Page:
This is a photo of my 3X Great Kashubian Polish Grandmother, Mary Januzik Skorz, and her daughter Aniela.
Aniela Skorz-Szweda was my grandmother’s grandmother. My grandmother worshiped her grandmother, and told me often about her reputation as a midwife. A few years ago, when abortion was becoming more polarizing than it has ever been, I wrote a story about a fictional situation where abortion may have been both the right and the wrong answer for Aniela.
The story is set in the early 1900’s, in a Polish immigrant community. The main character is Aniela, an aging midwife who finds out that her 13 year-old granddaughter Lodja is pregnant, having been raped by her older cousin, another of Aniela’s grandchildren who she considers to be the embodiment of evil. By modern standards, Lodja might be considered emotionally challenged.
At the same time, Lodja’s mother Pelagia (Aniela’s daughter) is pregnant with her sixth child. Aniela fears for both daughter’s and grand-daughter’s well being. She decides that the pregnancy that will cause the most havoc is her grand-daughter’s and chooses to induce an abortion. She does not tell Lodja what she is doing, just asks her to come stay with her for awhile. Aniela’s choice is not easy. It tortures her. Her method – tansy tea, administered over a few days – gives her the opportunity to abort her abortion attempt. She does. Lodja loses the child, anyway. The story hopefully leaves a reader in total grayness.
Writing this story helped me put the abortion question into a historical perspective. I am curious about that world not so long ago where abortions happened outside of the realm of politics, in the private realm of women, where the decision could be made discretely by pregnant woman in collaboration with midwives who knew natural remedies. Of course, both midwifery and herbal remedies are now held in suspicion by many, thanks to a profit-driven medical industry. And of course, abortion – the most troubling decision any woman ever has to make – is politicized beyond discretion.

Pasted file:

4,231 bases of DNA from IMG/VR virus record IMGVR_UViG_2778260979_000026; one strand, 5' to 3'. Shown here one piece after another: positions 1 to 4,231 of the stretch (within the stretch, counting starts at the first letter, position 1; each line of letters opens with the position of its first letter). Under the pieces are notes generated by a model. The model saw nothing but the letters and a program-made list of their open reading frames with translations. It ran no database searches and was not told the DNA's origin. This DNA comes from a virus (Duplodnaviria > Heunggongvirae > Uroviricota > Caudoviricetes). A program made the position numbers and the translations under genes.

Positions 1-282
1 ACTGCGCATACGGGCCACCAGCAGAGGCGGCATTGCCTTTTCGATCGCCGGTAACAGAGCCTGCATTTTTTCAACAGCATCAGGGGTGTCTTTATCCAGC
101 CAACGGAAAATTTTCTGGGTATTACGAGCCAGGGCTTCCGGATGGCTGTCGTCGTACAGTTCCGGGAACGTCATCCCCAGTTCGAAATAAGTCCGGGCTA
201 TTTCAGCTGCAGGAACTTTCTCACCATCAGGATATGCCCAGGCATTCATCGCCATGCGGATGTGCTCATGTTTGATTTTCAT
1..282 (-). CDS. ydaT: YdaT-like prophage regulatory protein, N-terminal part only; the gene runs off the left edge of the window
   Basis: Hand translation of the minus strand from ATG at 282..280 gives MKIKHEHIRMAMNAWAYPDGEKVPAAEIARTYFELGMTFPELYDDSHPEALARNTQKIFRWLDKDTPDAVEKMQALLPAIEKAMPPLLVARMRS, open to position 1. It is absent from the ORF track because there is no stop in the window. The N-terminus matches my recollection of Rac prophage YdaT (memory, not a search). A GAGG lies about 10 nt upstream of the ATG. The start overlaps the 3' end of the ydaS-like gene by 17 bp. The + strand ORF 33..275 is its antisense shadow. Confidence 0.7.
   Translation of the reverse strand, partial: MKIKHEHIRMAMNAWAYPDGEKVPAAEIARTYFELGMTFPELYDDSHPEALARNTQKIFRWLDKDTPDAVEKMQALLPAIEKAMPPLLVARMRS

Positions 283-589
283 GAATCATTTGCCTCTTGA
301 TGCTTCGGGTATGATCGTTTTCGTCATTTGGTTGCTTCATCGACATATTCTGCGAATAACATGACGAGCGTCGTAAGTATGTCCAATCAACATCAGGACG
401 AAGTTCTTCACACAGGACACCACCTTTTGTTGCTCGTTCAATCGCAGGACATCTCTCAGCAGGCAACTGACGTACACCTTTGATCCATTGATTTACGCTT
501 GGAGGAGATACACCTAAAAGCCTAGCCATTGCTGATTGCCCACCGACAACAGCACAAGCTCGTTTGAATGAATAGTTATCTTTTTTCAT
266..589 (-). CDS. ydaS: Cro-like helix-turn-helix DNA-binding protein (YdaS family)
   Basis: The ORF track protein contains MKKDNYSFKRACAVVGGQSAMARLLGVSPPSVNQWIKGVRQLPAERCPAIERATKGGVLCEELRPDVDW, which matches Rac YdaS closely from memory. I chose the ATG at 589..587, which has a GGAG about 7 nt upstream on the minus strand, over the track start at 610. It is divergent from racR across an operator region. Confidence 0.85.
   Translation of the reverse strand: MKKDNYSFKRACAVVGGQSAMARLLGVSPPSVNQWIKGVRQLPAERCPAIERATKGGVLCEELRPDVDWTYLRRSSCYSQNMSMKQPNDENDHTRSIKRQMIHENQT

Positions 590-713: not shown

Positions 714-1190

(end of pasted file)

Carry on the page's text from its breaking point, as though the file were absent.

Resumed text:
Not until 2021 USA has the woman’s body and her personal decisions been so totally violated. In the Texas SB 8 ruling, that grandmother could be turned in and prosecuted.
I ask readers of “Tansy Tea” to consider the moral dilemma the grandmother is put in, to recognize that rightness and wrongness have gradations. Sometimes the “right” thing to do is actually the “wrong” that comes closest to being right. I’m sure the story and its scenario could be read in a number of ways. I invite friends to read the story, and share comments below. Don’t simply spout off 2021 political memes. Get inside the historical moment where such a story is possible. Consider every aspect of the grandmother’s decision before saying anything.
“Tansy Tea,” was a finalist for december magazine’s 2018 Curt Johnson Prize in fiction, judged by Ann Tyler. It was published and is still available for purchase in Zone 3 magazine’s Fall 2020 issue.